Another Court Victory for Golf and Habitat at Alister MacKenzie’s Sharp Park

- by: San Francisco Public Golf Alliance

San Mateo County Hall of Justice


SAN FRANCISCO (August 20, 2015) – San Francisco’s plan to renovate the landmark Alister MacKenzie-designed Sharp Park Golf Course took another step forward today, with a favorable decision from the San Mateo County Superior Court.

Ruling in the case Wild Equity Institute vs. California Coastal Commission, San Mateo County Superior Court Judge George A. Miram denied a motion for preliminary injunction brought by golf foes to halt work on the Sharp Park Pump House Project. The Coastal Commission in April 2015 granted a permit for the work at the 83-year-old golf links, located on the Pacific Coast at Pacifica, CA., a southern seaside suburb of San Francisco.

In denying Wild Equity’s motion for preliminary injunction, San Mateo Superior Court Judge Miram found that Wild Equity failed to show that it would likely prevail at trial, and also failed to show that it would suffer greater injury from denial of the injunction than the Coastal Commission, the City and County of San Francisco, and the public course golfers represented by intervener SF Public Golf Alliance would suffer from the granting of the motion.

Sharp Park Golfers

Wild Equity’s moving papers and the opposition papers filed by the Coastal Commission, San Francisco, and the Public Golf Alliance, together with the court’s ruling, can be found on the case records page of the San Mateo Superior Court's website.

Wild Equity, a small environmental litigation firm founded by a former staff attorney of the Tucson-based Center for Biological Diversity, brought the lawsuit to stop San Francisco from installing concrete pier footings and a retaining wall at a pump house at the southwestern corner of the golf course. The concrete work was only a small portion of a dredging and pond-building permit approved in April by the Coastal Commission. The project is intended to improve the habitat for protected frog and snake species at the golf course, while reducing flooding risk to the golf course and a neighboring residential development. Wild Equity’s lawsuit named the Coastal Commission and San Francisco as defendants; the San Francisco Public Golf Alliance joined the lawsuit as an intervening defendant, to represent the interests of the public course golfers and historic preservationists who treasure the venerable golf links.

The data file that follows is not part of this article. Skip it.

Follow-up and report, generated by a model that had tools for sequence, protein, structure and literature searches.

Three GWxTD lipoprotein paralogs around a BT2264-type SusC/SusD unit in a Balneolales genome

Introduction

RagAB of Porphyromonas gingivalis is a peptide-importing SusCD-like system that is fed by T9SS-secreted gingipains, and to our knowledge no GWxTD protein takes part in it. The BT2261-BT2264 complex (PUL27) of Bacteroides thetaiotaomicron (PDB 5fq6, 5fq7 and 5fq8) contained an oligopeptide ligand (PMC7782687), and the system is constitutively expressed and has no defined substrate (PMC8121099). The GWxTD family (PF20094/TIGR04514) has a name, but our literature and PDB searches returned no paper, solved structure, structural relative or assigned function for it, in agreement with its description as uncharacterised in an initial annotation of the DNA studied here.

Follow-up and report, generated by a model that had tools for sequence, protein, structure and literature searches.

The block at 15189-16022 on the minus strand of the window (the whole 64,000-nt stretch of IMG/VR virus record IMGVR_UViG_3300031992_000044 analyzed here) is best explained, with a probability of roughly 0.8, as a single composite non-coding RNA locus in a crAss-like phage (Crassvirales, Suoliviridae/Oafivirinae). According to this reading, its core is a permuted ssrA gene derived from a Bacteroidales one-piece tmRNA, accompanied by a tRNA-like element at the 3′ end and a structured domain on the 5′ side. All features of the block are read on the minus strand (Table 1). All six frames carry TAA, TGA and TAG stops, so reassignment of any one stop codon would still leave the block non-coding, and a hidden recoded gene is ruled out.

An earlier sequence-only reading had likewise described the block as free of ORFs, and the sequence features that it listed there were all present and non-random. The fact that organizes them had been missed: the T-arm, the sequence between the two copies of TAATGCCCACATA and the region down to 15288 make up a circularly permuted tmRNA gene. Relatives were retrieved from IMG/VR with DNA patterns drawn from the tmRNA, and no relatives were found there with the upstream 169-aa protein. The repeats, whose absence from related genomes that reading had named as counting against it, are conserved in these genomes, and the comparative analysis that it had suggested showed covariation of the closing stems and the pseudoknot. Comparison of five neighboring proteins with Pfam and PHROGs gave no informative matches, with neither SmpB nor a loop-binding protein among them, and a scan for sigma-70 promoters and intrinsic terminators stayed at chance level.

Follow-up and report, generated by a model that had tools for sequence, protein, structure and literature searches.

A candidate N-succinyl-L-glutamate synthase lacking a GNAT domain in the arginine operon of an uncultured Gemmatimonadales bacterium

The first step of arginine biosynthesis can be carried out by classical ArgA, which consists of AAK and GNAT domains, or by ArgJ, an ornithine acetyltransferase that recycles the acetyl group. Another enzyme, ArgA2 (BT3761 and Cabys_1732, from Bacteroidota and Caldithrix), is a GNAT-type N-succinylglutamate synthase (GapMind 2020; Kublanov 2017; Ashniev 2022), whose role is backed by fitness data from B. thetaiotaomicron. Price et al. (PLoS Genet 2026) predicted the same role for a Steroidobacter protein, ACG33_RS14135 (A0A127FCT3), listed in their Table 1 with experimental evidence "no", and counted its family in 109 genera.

This is the fourth time in recent years that the courts have rejected environmentalist groups’ challenges to operations at Sharp Park Golf Course. The United States District Court, Northern District of California in 2012, and the Ninth U.S. Circuit Court of Appeals and San Francisco Superior Court in 2015 all dismissed prior law suits. Lawyers at San Francisco-based Morrison Foerster have represented the Intervener San Francisco Public Golf Alliance, on a pro bono basis, in all the lawsuits.

Wild Equity has lost every battle. They are on the wrong side of this issue and on the wrong side of history,” said Christopher Carr, chair of Morrison & Foerster’s Environment and Energy Group.. “The responsible thing for them to do now,” said Mr. Carr, “is to support the efforts to get this work done promptly and to fully restore this precious public recreational asset so it will be there for future generations. The species and golfers have always co-existed at Sharp Park and they should continue to do so, for the benefit of everyone.”

Work on the Pump House Project, under the permit issued by the Coastal Commission in April, began in June 2015, and is scheduled to be completed by the end of October 2015. The Coastal Commission’s approval of coordinated golf restoration and habitat recovery work is only the most recent in a long line of local, state, and federal governmental and administrative agency actions between 2009 and the present day rejecting anti-golf attacks on Sharp Park Golf Course..

Habitat recovery work still remains to be done at Sharp Park, along with renovation of the historic golf course itself. Plans for that work are currently undergoing environmental review in the San Francisco Planning Department. SF Public golf Alliance and the Alister MacKenzie Foundation are working together to raise philanthropic funds for the golf course restoration.

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Richard Harris



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